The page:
Kibbutzim (the plural of kibbutz) are cooperative communities in Israel. There are around 270 kibbutzim across the country today, with an average membership of 500-600.

In the early 20th century, the first kibbutzim were agricultural settlements founded by Jews from Eastern Europe, who came on a Zionist mission to claim and connect with their ancient homeland. They were pioneers, making barren, swampy land hospitable and productive for the millions of Jews to come.

Kibbutzim were founded on socialist principals, with joint ownership of property and means of production, cooperative work, sharing of resources and equality. Direct democracy gave all members a say in policy, budget allocation and elections of leaders. There was no need for money in daly life, everyone contributed based on their ability and was in turn supported by the community, according to their needs. All meals were served in communal dining halls. Children grew up together, in separate quarters from their parents.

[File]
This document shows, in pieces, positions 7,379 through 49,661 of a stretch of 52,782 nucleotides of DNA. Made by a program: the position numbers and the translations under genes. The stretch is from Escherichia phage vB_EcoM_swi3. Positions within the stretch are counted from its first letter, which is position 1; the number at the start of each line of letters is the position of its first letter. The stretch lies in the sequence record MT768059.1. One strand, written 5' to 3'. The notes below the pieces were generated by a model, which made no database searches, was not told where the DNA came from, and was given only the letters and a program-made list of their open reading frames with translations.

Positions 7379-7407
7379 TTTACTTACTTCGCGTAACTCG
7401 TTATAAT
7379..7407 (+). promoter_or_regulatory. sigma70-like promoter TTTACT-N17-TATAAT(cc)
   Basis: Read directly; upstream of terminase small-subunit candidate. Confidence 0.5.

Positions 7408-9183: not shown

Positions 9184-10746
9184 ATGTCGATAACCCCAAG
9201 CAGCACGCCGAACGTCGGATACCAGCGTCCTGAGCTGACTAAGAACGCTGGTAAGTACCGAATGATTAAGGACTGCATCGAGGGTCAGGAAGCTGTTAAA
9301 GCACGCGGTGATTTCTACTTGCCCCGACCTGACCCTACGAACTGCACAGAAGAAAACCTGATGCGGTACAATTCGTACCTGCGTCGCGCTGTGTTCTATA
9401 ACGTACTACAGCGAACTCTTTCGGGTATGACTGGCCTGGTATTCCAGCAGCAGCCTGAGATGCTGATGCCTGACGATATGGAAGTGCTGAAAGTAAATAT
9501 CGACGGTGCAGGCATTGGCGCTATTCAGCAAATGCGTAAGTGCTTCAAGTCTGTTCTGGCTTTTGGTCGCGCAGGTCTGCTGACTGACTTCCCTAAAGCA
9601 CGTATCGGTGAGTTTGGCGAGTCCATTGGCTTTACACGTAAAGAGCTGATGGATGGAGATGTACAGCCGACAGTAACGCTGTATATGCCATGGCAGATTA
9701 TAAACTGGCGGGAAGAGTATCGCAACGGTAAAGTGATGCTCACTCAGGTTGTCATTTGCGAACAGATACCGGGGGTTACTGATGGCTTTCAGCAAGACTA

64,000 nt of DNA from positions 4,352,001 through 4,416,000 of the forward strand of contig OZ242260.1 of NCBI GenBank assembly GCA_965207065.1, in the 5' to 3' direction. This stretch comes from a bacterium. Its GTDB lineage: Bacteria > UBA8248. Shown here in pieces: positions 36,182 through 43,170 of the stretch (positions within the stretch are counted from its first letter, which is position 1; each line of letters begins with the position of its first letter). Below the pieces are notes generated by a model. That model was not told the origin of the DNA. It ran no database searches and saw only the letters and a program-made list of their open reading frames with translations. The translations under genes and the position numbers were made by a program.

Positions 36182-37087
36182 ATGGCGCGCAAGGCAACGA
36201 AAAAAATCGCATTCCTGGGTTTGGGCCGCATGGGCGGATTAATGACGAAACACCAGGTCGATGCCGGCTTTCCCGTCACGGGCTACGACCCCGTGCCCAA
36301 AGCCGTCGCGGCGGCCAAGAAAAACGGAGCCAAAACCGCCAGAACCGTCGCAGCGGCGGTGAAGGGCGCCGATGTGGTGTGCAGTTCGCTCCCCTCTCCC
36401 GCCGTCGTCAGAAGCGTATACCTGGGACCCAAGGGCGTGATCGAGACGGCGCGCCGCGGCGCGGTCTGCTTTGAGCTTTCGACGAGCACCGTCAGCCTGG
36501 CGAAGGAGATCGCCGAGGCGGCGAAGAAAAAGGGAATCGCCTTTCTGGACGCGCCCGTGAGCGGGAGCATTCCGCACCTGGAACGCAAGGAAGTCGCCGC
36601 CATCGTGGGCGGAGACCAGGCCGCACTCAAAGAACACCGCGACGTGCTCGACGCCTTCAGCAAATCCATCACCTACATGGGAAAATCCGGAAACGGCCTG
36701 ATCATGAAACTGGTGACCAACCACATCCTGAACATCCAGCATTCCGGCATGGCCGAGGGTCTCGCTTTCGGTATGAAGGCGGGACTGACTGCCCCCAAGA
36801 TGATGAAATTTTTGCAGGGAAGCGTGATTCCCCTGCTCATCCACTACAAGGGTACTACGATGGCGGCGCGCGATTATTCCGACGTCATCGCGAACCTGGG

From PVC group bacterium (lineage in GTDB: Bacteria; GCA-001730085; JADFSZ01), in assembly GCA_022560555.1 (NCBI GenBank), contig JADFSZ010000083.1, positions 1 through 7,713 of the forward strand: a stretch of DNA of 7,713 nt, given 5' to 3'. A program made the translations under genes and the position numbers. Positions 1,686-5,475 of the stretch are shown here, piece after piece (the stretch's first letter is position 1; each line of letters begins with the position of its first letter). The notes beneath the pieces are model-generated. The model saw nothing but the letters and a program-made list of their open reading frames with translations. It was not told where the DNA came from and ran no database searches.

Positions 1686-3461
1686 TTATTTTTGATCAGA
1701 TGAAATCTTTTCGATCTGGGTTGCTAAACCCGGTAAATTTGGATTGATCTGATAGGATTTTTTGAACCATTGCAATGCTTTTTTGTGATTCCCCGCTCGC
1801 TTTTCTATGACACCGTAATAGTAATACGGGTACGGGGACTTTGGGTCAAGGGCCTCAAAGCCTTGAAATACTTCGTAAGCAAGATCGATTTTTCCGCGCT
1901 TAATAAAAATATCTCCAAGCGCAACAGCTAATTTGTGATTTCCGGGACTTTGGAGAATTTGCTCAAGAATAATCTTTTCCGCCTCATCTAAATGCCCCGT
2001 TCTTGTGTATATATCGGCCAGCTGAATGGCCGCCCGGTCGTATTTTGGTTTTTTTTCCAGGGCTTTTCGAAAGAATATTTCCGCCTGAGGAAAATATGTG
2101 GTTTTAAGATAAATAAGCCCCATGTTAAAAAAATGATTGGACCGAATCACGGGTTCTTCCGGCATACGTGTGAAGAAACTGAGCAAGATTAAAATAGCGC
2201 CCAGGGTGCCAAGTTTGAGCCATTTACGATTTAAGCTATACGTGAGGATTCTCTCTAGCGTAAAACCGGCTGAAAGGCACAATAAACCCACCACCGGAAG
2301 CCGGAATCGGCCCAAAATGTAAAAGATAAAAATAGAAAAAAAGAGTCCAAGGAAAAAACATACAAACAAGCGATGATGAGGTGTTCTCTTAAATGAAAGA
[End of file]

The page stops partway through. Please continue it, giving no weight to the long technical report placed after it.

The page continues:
In the 1980s the kibbutz model really began to fail. The larger Israeli society was moving away from socialism, the economy was bad and there was less financial support coming from the government. Once highly respected as the pioneering foundation of the country, kibbutzim became irrelevant to the outside world. Young people left.

While about 30% of kibbutzim have managed to maintain their original, socialist way of life and thrive. Today most have adapted by blending the social idealism of their founders with more practical economics. Agriculture remains an important means of income and kibbutzim still supply Israel with a significant portion of its food but their economies have become much more diversified, with industry from high tech to tourism (some of our tours include kibbutz stays). Adult members earn salaries, which vary according to the type of work they do, they own their homes, children live with their parents, meals are eaten at home. However, the spirit of community and cooperation is still very much alive, setting the modern kibbutz apart from other rural villages and attracting new and returning members to such a degree that many kibbutzim have long waiting lists.

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